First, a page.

Nevernight by Jay Kristoff was such a good book that I ended up writing an essay on it for my second-year creative writing class. A quick look at the blurb and you immediately think “super cliche” (female assassin bent on vengeance, school of assassins, etc) and I thought this too when I first saw it, but I picked it up anyway because I loved the cover.
Honestly, my essay was probably garbage (it hasn’t been graded yet…) but I went into a lot of detail about the characterization of Mia Corvere, the protagonist, and her experiences. I thought the detail that went into her development was astounding (even more so that I was able to identify a lot of it) and that’s what sparked the idea for my essay.
I’d suggest the book to anyone who likes fantasy, specifically in the young adult/ grimdark subgenre. For most advanced readers you might see a lot of the plot mechanics clicking about as the story progresses, but I found the writing itself very good, so it’s still worth the read.
I hope someone else decides to pick it up. It’s definitely one of my new favourites. 🙂
I started reading Emperor of Thorns right after I finished King of Thorns. I guess that doesn’t sound like a big deal– but considering I read Prince of Thorns in the summer of 2014, the fact that there was no lag in the completion of the third book made processing information received in the second and made significant in the third much simpler.
Anyway, as always, this is a no spoiler post. I’m just sharing some of my thoughts on the book without revealing much about the content.
Something I’ve had an interest in for a very long time is necromancy, but I believe the Broken Empire is the first series that I’ve had the pleasure of reading that includes the concept. Its presence was minimal in the first book, became much more interesting in the second book, and in the third, we read part of the book through the point of view of a necromancer. I was a little surprised that we read something from someone other than Jorg’s perspective, and though it was a little strange at first, I eventually got used to it and enjoyed it.
In enjoyed it so much that about two-thirds through the book I read a passage that made the whole
story click. Bits and pieces of the story that I hadn’t paid much mind to before then suddenly made sense, and though I liked that I was able to guess something that was going to happen before it did, it spoiled the ending for me. I was two-thirds through the book and already had an idea of how the book would end. Well, that sucked, but I still read it through and found some things that surprised me.
Overall I enjoyed the final book of the series and the series as a whole. The adventure was much different than most of the other books that I’ve read though I can’t say that I’m particularly well-read in the fantasy genre at the moment. I look forward to reading Mark Lawrence’s next series though I doubt I’ll get to it this year.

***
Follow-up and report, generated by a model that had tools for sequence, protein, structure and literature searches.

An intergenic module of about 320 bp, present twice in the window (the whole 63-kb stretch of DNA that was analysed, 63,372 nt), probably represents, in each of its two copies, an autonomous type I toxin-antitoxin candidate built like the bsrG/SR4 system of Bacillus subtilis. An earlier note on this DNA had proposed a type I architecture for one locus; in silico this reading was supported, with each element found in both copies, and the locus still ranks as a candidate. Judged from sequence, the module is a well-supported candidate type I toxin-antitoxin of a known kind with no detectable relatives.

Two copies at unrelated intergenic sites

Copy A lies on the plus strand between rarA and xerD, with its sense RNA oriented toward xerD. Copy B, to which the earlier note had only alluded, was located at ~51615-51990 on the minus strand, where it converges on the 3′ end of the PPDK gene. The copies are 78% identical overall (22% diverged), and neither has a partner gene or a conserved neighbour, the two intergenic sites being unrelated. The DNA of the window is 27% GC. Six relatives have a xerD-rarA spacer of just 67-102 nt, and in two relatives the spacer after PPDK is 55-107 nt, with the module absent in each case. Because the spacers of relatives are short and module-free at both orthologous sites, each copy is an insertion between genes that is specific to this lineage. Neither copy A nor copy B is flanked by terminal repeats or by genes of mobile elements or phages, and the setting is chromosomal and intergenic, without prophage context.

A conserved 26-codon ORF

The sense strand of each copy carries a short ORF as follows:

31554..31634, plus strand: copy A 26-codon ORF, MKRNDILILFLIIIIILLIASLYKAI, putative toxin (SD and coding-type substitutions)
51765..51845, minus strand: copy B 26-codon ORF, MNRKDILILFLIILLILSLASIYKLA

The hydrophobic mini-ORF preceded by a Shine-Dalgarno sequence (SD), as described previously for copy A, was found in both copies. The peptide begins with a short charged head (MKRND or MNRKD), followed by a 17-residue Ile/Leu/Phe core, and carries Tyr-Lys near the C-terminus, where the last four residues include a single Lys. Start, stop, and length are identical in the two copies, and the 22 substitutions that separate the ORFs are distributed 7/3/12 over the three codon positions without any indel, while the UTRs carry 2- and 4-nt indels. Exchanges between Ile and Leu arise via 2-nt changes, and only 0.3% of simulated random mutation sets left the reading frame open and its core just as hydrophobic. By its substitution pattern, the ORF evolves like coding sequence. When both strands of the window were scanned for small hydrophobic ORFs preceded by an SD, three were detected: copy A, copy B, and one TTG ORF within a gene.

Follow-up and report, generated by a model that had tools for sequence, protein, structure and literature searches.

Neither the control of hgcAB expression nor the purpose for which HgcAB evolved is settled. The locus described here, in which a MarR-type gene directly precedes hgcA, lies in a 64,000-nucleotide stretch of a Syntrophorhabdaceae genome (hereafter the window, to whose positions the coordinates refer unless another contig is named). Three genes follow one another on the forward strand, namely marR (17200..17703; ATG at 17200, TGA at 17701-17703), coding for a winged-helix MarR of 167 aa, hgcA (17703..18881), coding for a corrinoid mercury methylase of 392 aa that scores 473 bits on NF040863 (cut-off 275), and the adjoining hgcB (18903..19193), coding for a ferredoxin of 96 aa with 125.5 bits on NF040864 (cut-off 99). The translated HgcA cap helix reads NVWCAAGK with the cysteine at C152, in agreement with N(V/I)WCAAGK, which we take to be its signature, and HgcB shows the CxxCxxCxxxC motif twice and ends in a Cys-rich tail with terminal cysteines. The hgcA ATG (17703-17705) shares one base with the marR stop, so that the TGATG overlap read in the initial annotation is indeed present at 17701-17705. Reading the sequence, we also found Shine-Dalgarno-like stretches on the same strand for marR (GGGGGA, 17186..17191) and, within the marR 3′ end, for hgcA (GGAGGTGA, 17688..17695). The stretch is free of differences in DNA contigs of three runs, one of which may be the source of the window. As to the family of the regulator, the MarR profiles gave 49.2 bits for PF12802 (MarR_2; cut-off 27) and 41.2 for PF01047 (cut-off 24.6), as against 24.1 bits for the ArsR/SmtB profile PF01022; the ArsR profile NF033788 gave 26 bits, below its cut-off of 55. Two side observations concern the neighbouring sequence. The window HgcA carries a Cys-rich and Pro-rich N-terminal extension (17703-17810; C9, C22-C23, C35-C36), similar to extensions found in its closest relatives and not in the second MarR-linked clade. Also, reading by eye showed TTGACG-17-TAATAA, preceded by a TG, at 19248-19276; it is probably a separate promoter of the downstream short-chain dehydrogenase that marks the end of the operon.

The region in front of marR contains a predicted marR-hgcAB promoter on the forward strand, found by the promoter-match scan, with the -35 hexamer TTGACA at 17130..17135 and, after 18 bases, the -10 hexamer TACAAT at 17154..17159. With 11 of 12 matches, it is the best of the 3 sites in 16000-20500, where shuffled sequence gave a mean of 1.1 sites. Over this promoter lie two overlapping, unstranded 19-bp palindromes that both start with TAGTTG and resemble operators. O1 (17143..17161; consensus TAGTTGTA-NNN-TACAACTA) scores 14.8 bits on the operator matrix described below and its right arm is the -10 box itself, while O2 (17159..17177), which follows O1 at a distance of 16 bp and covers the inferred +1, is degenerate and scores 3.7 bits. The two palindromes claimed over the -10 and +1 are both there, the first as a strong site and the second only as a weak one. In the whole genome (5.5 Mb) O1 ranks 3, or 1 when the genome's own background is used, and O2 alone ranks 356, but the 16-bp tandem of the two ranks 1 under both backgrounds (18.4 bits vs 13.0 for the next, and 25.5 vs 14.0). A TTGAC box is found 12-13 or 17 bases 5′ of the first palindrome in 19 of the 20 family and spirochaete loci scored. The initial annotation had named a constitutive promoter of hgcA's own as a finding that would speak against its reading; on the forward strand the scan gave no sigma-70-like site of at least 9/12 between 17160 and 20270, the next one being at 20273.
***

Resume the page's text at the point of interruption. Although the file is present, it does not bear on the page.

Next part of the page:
Have any of you finished the Broken Empire Trilogy? What did you think about it?
…Wow, okay. This is actually the only book I’ve read in the last eight months.
I didn’t stop reading because I wanted to, but more because I didn’t really feel like reading. September to December of 2014 was an odd time for me. I just moved away from my parent’s house, I was still worried about how far I was going to get as a freelance writer, things like that. My focus was on things that didn’t involve picking up a book to read, basically.
Anyway, none of that really matters. I’m going to talk about the book– but no worries, I won’t spoil anything.
This is the second book in Mark Lawrence’s Broken Empire Trilogy. I read the first book, Prince of Thorns, sometime last summer, when my boyfriend bought it to have something to read while travelling. He and I already knew about the series at that point, so it wasn’t just a random pick. We already determined that we both wanted to read it.
I actually found the book extremely pleasant. I’m not the tamest of people– I love myself some blood and gore– so don’t take me calling the book pleasant as reading it was a relaxing stroll through a meadow. No, there was actually a scene that made me cringe (in a good way). I’m one of those people who think out and picture the world and what happens in it, so, yeah. Sometimes fight scenes and things like that can be a little painful.
Not going into much detail, overall, I liked the book. It was incredibly refreshing to read a piece of fiction that I wasn’t being paid to edit (though I admit, sometimes turning that inner editor off while reading is difficult). It was dark (and I would hope so, seeing that people seem to be categorizing it as ‘grimdark’), rather short, and added a little excitement to my Easter weekend.
Have any of you read King of Thorns? What are your thoughts on it?